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Digital Designers: Creative Ways Techy Kids Can Express Themselves

Sick of the amount of time your kids are spending on video games this summer? When boredom strikes, give your digitally charmed youngster a summertime project that enhances their technical skills while also fostering their creativity. 

Write a digital storybook. Introduce your young storyteller to storybird.com, which features illustrations that kids can use for story inspiration. They can write and design picture books, long form stories, or write poetry. Subscription-based monthly writing challenges can help boost a child’s literacy skills. Young authors can choose to keep their work private, publish it to Storybird’s public library, share it on social media, email it to friends and family, or print off the books for special keepsakes or gifts. Another great site is bookcreator.com.

Draw comic strips. The StripDesigner app enables kids to take pictures of their artwork or upload photos tocreate their own comic strips using the site’s comic book template. They can play with fonts and filters, and write dialogue in speech balloons. Also check out the family-friendly website, makebeliefscomix.com, created by Bill Zimmerman. The free site provides writing prompts for kids, comic strip templates, and suggestions for family activities. Younger children might like Superhero Comic Book Maker and Princess Fairy Tale Maker available at duckduckmoose.com, which are designed for kids who aren’t writing yet. When they’re finished creating their story, they can record it and play it back.

Create a digital photo book. Ask your kids for help in putting together a photo memory book of your family’s vacation. Or suggest they take photos throughout the summer and make photo books in August. Have them include captions of the places you visited, the things they learned, and short anecdotes. Picaboo and Shutterfly are a couple of sites that offer templates for photo books.

Play with music. From Garage Band on Mac for older kids to creatingmusic.com for younger ones, turn kids on to playing around with pitch, tone, and rhythm. Many teens love the musical.ly app, which lets them lip sync to popular music, browse, and share their videos. (Be aware that some song lyrics in musical.ly contain swearing
and sexual content. The app can be adjusted to protect privacy and users don’t have to share their videos.)

Start a family newspaper. My 12-year-old son likes to write up short ‘ripped from the headlines’ news briefs, family news, and car advertisements. He also draws cartoons for a ‘funnies’ section. My son prefers to use GoogleDocs so that he can easily email or print his paper, but Word or Pages (Mac) also offers templates for newsletters.

Build a family webpage. Many kids love to play with coding, design, photography, and writing. Help your child design a free family website using platforms like uKit, Wordpress, Weebly, Wix, or Squarespace. Some of these sites are user-friendlier than others. Check around to see what would work best for your youngster.

Direct a movie. Kids love to play with video. Show them applications like iMovie (Mac), which gives them an opportunity to choose templates, edit, add audio, and share their short films. Slo-mo and Time lapse
are also fun video features on many smartphones. On Timelapse, my kids like to record themselves cleaning up their room. They get a kick out of going back and watching the cleaning process in fast-forward (it’s a win for parents, too!).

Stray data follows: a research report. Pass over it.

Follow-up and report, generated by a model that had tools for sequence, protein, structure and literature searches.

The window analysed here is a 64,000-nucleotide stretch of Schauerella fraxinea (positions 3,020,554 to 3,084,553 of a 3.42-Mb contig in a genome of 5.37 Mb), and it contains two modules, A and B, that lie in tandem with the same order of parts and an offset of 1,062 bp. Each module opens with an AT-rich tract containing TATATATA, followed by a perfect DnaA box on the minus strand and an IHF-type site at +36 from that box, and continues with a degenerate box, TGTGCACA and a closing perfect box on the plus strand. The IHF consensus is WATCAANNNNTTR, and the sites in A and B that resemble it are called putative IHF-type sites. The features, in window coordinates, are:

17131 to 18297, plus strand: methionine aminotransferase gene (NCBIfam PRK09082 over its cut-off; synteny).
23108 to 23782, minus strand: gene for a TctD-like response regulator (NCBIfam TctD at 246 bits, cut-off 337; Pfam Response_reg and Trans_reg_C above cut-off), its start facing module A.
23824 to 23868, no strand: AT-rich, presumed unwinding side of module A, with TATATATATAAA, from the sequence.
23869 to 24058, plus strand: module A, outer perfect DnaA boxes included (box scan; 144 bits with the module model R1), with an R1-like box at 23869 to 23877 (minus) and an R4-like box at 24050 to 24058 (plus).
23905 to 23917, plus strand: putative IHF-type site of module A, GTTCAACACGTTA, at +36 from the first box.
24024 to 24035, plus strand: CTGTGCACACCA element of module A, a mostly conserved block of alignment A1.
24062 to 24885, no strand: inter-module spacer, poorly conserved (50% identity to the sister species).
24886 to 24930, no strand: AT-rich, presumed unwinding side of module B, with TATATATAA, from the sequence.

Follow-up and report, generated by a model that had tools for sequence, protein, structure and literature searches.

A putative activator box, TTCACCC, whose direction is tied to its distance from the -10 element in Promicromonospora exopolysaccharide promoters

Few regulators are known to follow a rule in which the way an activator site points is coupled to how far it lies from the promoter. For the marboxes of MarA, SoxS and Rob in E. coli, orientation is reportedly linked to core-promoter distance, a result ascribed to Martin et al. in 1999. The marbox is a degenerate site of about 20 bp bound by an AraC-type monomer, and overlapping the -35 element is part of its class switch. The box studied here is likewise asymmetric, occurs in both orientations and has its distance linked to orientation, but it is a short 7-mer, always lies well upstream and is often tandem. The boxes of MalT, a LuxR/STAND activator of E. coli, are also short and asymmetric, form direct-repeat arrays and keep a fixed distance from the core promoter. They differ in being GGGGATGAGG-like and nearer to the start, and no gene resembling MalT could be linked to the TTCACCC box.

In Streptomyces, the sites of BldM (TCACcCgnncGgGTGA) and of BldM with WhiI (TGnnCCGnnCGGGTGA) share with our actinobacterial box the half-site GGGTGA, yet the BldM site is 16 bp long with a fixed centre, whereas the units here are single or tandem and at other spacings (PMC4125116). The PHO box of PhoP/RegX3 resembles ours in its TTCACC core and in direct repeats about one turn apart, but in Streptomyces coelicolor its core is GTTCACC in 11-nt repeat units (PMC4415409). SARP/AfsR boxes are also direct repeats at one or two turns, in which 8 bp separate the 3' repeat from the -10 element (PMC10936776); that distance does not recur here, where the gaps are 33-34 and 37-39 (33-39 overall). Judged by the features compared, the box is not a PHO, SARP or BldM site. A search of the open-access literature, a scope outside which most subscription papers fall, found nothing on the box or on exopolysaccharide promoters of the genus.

Record an interview. Interview a grandparent, parent, sibling, or another relative using the audio record function on your phone, computer, or iPad. Not sure what to ask? Check out storycorps.org, which offers an app with suggested interview questions.

Create a digital slideshow. On your next family field trip or vacation, provide your child with an inexpensive digital camera if they don’t have access to a smartphone. Afterward, they can upload their photos to your computer and create a digital slideshow with music, transitions, and creative fonts. Check out smilebox.com, iPhoto, or Movavi.

Start a blog. Help your budding artist, writer, or photographer start a private family blog where they can share their work with family and friends. If your child likes to cook, suggest they take photos during each step of the cooking process and post their recipes onto the blog. For a group of friends who love to read, watch movies or play video games, suggest setting up a group blog that they can use to take turns posting book, movie, or video-game reviews.

Snap a photo a day. Using apps like Photo 365 or Everyday app, have your child take a photo a day throughout the summer. Choose a specific subject like a tree, a seed that they plant, their puppy or kitten, a sibling, or take daily selfies. At the end of the summer, watch the subject in a quick time lapse. How does the subject matter change over the course of the season? 


Get curious. Check out a list of sites for kids featuring links to art, science, music, games, sports, and more at kidsites.com. 
As always, ensure that your kids are taking appropriate personal safety precautions to protect their identity and location while online. Unsure about an app or an online platform? Check out commonsensemedia.org. 


As the mom of a 10- and 12-year-old boy, freelance journalist Christa is in the thick of navigating technology use in her home. She is the author of Happy, Healthy & Hyperconnected: Raise a Thoughtful Communicator in a Digital World. 


 

 

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